Miami Springs’ Circle Park is a lovely island of green, a city park with a large gazebo enclosed by a ring of trees. But much like an island is surrounded by water, Circle Park is surrounded by traffic, almost completely inaccessible to residents. Its entrance is blocked by a huge, four-lane roundabout with seven exits that discourage pedestrians and bikers from visiting, but a change is in the works.

Miami Springs’ residents Jennifer Gonzalez and Maria Font submitted their idea of “Safely Making it to The Circle” to the 2018 Public Space Challenge, and The Miami Foundation selected it as one of 22 winners out of 56 finalists. The winning ideas will collectively receive more than $300,000 to make them reality. With their portion of funding, Gonzalez and Font will work with county staff to design two crosswalks that create safe park access. The idea received 527 likes on the Foundation’s website, making it the single most supported idea in Challenge history.

“This is great! What is the point of such a beautiful common area if it cannot be accessed legally and safely,” wrote Buzz Fleischman in the comments section.

This year, residents, organizations and public agencies throughout Miami-Dade County submitted nearly 500 ideas to the Public Space Challenge, setting a new record for entries. Since 2013, the contest has invested over $1.5 million in activations and permanent projects across the county.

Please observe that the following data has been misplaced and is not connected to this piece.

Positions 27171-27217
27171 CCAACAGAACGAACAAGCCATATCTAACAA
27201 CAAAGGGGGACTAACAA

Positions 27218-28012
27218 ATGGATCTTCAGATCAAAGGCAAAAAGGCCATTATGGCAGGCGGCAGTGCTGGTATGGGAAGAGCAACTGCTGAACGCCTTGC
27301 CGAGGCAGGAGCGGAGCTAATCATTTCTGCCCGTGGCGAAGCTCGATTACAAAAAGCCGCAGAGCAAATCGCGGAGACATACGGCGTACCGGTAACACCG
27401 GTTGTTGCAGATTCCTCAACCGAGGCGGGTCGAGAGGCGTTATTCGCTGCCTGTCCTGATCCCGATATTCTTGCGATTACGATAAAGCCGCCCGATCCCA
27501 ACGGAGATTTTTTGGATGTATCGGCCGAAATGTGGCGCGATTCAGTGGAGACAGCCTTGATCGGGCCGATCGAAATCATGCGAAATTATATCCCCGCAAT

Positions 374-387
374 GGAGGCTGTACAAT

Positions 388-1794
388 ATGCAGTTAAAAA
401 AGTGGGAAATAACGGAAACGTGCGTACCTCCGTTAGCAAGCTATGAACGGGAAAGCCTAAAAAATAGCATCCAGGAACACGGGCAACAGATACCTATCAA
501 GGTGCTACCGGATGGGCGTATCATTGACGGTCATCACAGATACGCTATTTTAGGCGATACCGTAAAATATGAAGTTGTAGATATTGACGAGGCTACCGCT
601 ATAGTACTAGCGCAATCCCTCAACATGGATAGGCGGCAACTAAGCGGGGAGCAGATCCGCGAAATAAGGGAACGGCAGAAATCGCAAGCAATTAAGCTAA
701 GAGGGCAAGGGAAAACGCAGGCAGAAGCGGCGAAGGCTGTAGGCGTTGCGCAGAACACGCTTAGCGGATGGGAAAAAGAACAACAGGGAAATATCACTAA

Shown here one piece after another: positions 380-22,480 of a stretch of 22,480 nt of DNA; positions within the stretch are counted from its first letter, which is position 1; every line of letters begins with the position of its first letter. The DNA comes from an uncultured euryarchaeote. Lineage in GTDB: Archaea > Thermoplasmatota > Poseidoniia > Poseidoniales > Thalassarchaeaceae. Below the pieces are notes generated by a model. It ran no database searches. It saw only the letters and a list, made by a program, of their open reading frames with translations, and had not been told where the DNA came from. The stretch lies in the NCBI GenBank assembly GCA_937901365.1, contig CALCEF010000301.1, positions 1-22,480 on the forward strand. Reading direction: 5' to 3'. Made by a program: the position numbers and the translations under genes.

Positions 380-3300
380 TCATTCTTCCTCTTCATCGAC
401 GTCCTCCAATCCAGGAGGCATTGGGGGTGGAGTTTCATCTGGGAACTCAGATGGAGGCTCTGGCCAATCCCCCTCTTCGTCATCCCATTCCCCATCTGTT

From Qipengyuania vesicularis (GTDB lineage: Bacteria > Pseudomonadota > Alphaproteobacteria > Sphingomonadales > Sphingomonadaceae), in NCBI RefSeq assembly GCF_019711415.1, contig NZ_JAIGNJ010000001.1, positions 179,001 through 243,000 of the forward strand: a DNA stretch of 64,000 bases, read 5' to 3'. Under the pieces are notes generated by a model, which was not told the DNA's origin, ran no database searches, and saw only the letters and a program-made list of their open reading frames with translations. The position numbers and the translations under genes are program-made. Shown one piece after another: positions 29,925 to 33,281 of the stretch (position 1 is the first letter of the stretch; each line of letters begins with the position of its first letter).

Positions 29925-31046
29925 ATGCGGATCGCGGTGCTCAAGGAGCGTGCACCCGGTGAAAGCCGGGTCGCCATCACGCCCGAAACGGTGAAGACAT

Other winning ideas include “Turning Brownsville Green: A Community Garden For a Miami Food Desert,” which will convert an empty lot into a space for organic gardening; #FillABag, which will provide tools for beach cleanup to residents who walk in Key Biscayne; and the “Debris Maze Challenge,” which will use litter to create an eco-art maze installation, so South Dade visitors can experience the effect trash is having on public spaces.

“The Challenge gives everyday residents the power to shape their community,” said Javier Alberto Soto, president and CEO of The Miami Foundation. “This year’s winners are 22 passionate Miamians who wanted to do something great for their neighborhood parks and are using the Challenge as a platform to make their vision a reality.”

As with previous Challenges, The Miami Foundation will collaborate with the Miami-Dade County Parks, Recreation and Open Spaces Department to connect Challenge ideas to the Open Space Master Plan. The comprehensive, 50-year vision looks to create a seamless, interconnected and sustainable system of parks, public gathering places, trails, waterways, greenways and streets throughout the county.  The Foundation invited applicants to review the plan, and think about how their 2018 ideas fit within it.

Lead sponsor Target supported the Public Space Challenge because the Challenge’s long-lasting impact on Miami-Dade aligns with its efforts to contribute to thriving communities and a healthy environment.

Each winner will receive technical assistance from The Miami Foundation to work with county and municipal offices in executing their projects. The full list of 2018 winners is here. To learn more about this year’s winning ideas, visit PublicSpaceChallenge.org.



Post A Comment